Pain management is an essential element of patient care, and pain management includes not only the accurate assessment and treatment of pain, but also complete documentation of findings, and that’s what we’ll be talking about today.
Almost all hospitals and most physician’s offices have switched from paper health records to electronic health records, and the software may determine how information about pain is actually recorded.
For example, some may require only narrative descriptions while others provide checklists of descriptions from which to choose. However, what should be recorded remains constant. Documentation about pain should include:
- The site of the pain
- Whether there is presence of radiation or referred pain
- A description of the character of the pain
- The degree of pain
- The onset, frequency, and duration of the pain
- Causative, aggravating, and alleviating factors in the pain experience
- Interventions taken to treat the pain and the response to these interventions
- Adverse effects of the interventions taken to treat pain AND
- Any associated observations
Facility protocols for pain assessment and documentation may vary but should always be part of the initial head-to-toe physical examination. It’s important not to document pain based solely on diagnosis. Whenever an assessment of pain is carried out, the findings should be documented.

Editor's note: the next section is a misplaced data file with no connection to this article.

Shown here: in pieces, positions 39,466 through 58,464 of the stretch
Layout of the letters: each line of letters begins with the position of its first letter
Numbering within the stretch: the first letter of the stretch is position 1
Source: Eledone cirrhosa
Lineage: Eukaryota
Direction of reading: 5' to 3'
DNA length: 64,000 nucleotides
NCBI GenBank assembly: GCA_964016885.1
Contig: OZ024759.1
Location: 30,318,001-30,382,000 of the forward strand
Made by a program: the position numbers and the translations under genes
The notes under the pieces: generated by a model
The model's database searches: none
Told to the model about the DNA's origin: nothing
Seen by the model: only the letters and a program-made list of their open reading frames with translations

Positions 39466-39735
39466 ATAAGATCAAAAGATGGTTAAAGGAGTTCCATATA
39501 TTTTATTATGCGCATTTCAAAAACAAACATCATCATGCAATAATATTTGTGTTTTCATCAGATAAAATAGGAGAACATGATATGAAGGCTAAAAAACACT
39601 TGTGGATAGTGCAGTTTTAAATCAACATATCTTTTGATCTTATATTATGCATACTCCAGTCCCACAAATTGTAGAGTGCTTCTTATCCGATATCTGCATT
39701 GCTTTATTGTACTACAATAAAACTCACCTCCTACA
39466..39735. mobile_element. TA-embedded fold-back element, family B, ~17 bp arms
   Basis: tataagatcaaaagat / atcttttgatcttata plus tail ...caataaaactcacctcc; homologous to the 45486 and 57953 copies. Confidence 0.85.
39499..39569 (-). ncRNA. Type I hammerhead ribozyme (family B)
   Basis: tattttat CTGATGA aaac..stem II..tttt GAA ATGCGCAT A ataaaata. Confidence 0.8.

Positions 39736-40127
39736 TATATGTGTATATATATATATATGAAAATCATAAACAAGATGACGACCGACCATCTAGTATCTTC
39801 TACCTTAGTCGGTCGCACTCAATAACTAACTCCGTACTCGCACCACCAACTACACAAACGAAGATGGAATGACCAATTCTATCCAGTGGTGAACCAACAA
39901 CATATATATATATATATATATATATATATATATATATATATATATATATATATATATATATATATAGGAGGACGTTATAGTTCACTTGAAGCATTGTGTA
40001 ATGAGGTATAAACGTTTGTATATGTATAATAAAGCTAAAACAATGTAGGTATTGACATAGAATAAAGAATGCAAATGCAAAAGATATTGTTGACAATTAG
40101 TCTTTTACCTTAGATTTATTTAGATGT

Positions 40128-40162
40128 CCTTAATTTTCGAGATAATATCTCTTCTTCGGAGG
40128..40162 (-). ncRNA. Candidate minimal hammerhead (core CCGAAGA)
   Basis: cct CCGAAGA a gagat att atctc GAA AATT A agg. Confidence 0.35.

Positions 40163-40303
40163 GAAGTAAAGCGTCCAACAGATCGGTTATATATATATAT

Let’s review the necessary elements of documentation one at a time, beginning with the site and description of radiation or referred pain. Try to be as specific as possible, for instance:
“The patient reports severe pain in the right great toe radiating 5 inches on the medial aspect of the right foot.”
When documenting the description and character of the pain, use quotations from the patient if possible, for instance:
“The patient describes the pain as [quote] excruciating, continuous, sharp, burning pain.”
Typical pain descriptors include:
For the degree of pain, include the assessment tool utilized, for instance:
“The patient rates pain as 9 on the 1 to 10 numeric scale.”
Keep in mind that the patient’s self-report of pain is subjective and understanding of the assessment tools may vary. While the 1 to 10 numeric scale is the most commonly used in the United States, people from other cultures, children, and those with confusion or dementia may be unsure about how to respond.
Pain is often intermittent, especially chronic pain, so record not only the onset of the current episode of pain but also the onset of this type of pain. For instance:
“The patient’s current episode of pain began at 5:30 a.m., but patient has had recurrent episodes for 5 years.”
Next, record the pain frequency. It’s especially important to document any change in pattern.
“Episodes of pain usually occur every five to six months, but the previous episode occurred two months ago.”
It’s also important to differentiate among the duration of the current episode of pain, the duration of usual episodes of pain, and the overall duration of this type of pain.
“Over the last five years, the duration of episodes of pain has varied from one to two days to the current one to two weeks, with the duration slowly extending over time.”
Report any associated observations, both physical and emotional. For example,